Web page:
Let me first apologize for my online absence. No excuses, but… There was Yom Kippur, the sabbath and the subsequent not-so-short FLIGHT TO ISRAEL! Yes, I am here in the Holy Land. I arrived yesterday, just a few hours prior to the beginning of the holiday of “Sukkot” – described by holidays.com as “the ‘Feast of Booths’ (or Tabernacles), named for the huts (sukkah) that Moses and the Israelites lived in as they wandered the desert for 40 years before they reached the Promised Land”.
I am here in Israel for the holiday of course but also to spend time with family (my adorable niece…and her parents) and to work on my Israel wine project.
While drinking wine with a wine industry friend this afternoon in his Succah I admitted that my palate was still not where I would like it to be. He surprisingly asked why I felt that way. I explained that I felt I could decipher between an 80 and 85 point wine and an 85 and 90 point wine. BUT, I still feel like I struggle to truly decipher the supposed subtle differences between 90 point wines and 93 point wines. To which he made a face and basically said HOGWASH!
Which of course got me thinking. There is so much talk of scores as they relate to wines. And I have written about scores here before. SO, is there a difference between a wine given a score of 90 and a wine given a score of 93???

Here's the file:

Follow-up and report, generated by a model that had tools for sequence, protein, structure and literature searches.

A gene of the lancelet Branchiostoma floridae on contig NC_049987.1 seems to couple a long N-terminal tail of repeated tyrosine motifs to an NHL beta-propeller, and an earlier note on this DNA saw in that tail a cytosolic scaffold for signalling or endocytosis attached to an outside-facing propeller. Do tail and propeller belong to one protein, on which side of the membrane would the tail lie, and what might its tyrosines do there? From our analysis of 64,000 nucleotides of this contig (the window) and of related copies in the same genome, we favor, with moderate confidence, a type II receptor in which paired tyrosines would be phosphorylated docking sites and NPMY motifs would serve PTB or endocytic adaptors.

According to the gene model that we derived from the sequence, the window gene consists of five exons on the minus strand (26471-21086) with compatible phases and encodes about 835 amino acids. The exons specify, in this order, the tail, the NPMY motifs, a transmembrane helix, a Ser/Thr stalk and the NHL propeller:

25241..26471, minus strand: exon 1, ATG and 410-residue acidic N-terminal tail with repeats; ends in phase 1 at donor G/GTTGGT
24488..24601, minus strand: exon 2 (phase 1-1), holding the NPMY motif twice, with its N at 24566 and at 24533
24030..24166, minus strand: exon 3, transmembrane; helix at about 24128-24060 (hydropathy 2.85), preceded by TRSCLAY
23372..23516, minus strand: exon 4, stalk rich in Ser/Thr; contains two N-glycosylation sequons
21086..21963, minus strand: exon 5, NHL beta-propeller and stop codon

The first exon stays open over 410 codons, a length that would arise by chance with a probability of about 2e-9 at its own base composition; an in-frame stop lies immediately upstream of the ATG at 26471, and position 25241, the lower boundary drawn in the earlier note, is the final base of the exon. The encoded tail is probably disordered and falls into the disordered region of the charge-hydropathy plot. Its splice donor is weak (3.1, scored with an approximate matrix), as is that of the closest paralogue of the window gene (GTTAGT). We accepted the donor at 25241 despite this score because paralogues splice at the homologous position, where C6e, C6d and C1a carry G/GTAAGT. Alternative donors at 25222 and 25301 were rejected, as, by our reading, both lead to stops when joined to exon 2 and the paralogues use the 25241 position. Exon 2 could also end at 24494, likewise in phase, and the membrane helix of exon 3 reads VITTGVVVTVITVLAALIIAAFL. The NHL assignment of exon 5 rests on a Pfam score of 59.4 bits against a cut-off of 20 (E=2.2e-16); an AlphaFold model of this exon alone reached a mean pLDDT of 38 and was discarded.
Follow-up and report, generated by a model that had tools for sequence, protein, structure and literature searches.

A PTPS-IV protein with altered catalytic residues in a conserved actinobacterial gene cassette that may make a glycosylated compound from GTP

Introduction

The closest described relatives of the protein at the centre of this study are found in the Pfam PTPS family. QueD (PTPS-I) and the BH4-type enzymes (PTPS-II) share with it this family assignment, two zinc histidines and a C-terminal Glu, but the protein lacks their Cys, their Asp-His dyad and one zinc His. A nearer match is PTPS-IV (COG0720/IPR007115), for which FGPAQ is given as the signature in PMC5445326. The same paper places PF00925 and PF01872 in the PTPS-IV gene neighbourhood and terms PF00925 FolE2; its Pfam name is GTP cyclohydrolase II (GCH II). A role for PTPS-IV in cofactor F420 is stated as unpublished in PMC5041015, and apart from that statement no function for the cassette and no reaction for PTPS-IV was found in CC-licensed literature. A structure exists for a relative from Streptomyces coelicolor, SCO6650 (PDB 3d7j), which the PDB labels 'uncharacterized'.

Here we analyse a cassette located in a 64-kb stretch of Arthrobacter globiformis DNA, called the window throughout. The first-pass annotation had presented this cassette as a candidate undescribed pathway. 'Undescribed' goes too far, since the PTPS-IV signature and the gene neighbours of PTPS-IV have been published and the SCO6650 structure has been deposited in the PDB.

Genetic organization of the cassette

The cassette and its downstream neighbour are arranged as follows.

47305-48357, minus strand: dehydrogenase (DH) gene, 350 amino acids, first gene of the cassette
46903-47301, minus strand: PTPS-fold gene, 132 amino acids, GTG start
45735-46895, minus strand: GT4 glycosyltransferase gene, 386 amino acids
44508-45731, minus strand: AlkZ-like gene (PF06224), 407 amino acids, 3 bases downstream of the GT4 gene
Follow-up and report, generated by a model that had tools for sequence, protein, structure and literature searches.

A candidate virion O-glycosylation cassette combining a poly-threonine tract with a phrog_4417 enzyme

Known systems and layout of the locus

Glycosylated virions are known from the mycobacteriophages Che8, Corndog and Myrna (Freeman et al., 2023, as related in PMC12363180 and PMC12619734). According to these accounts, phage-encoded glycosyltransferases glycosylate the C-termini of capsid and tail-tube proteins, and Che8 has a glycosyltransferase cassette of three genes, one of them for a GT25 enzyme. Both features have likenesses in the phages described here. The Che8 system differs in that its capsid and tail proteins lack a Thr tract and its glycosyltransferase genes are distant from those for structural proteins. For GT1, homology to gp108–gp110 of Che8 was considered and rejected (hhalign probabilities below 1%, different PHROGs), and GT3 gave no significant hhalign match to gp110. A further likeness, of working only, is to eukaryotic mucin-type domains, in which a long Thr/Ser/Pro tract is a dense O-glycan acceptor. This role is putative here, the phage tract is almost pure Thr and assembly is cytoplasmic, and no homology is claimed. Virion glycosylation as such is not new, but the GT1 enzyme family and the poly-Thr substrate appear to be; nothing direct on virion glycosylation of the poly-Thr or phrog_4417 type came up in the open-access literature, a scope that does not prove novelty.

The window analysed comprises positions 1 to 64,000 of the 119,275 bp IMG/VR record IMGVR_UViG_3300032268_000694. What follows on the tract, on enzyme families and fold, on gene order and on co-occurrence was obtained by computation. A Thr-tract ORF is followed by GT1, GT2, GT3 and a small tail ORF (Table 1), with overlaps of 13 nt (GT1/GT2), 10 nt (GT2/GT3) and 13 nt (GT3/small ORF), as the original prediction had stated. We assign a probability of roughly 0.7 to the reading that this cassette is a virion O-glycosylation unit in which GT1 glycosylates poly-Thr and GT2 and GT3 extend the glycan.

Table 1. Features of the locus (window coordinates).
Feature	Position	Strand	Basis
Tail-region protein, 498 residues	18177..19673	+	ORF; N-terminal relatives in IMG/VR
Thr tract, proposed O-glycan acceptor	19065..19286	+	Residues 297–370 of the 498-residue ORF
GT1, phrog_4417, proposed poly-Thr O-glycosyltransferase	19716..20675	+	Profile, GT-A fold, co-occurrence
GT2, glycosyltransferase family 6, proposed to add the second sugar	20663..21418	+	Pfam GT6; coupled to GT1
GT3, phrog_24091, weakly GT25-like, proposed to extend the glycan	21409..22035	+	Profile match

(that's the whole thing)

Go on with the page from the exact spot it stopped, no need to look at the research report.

The aforementioned friend theorized that much of it has to do with marketing. Many of the wines I have seen that have been given those 2-3 extra points are single vineyard wines. With the idea that the specific site possesses some unique characteristics and should not be blended and subsequently LOSE those distinct characteristics. I have heard this to be true and I do believe it – to a certain extent. This line of thought invoked the expression “terroir”, described by Wikipedia as “a way of describing the unique aspects of a place that influences and shapes the wine made from it”.
This post can go on and on about scores, their purpose, terroir, if it is real, etc. But I don’t want to bore you with this debate. I will sum up for now by saying that I have been thinking a lot about a new way to evaluate wines that will turn the traditional scoring method on its head. It certainly will not replace the existing scoring method for those who use it to collect wines, drink high scoring wines, etc. But I do expect that as I continue to flesh out the concept it will prove useful to casual wine drinkers.
Happy SCORELESS wine tasting (from Israel)!!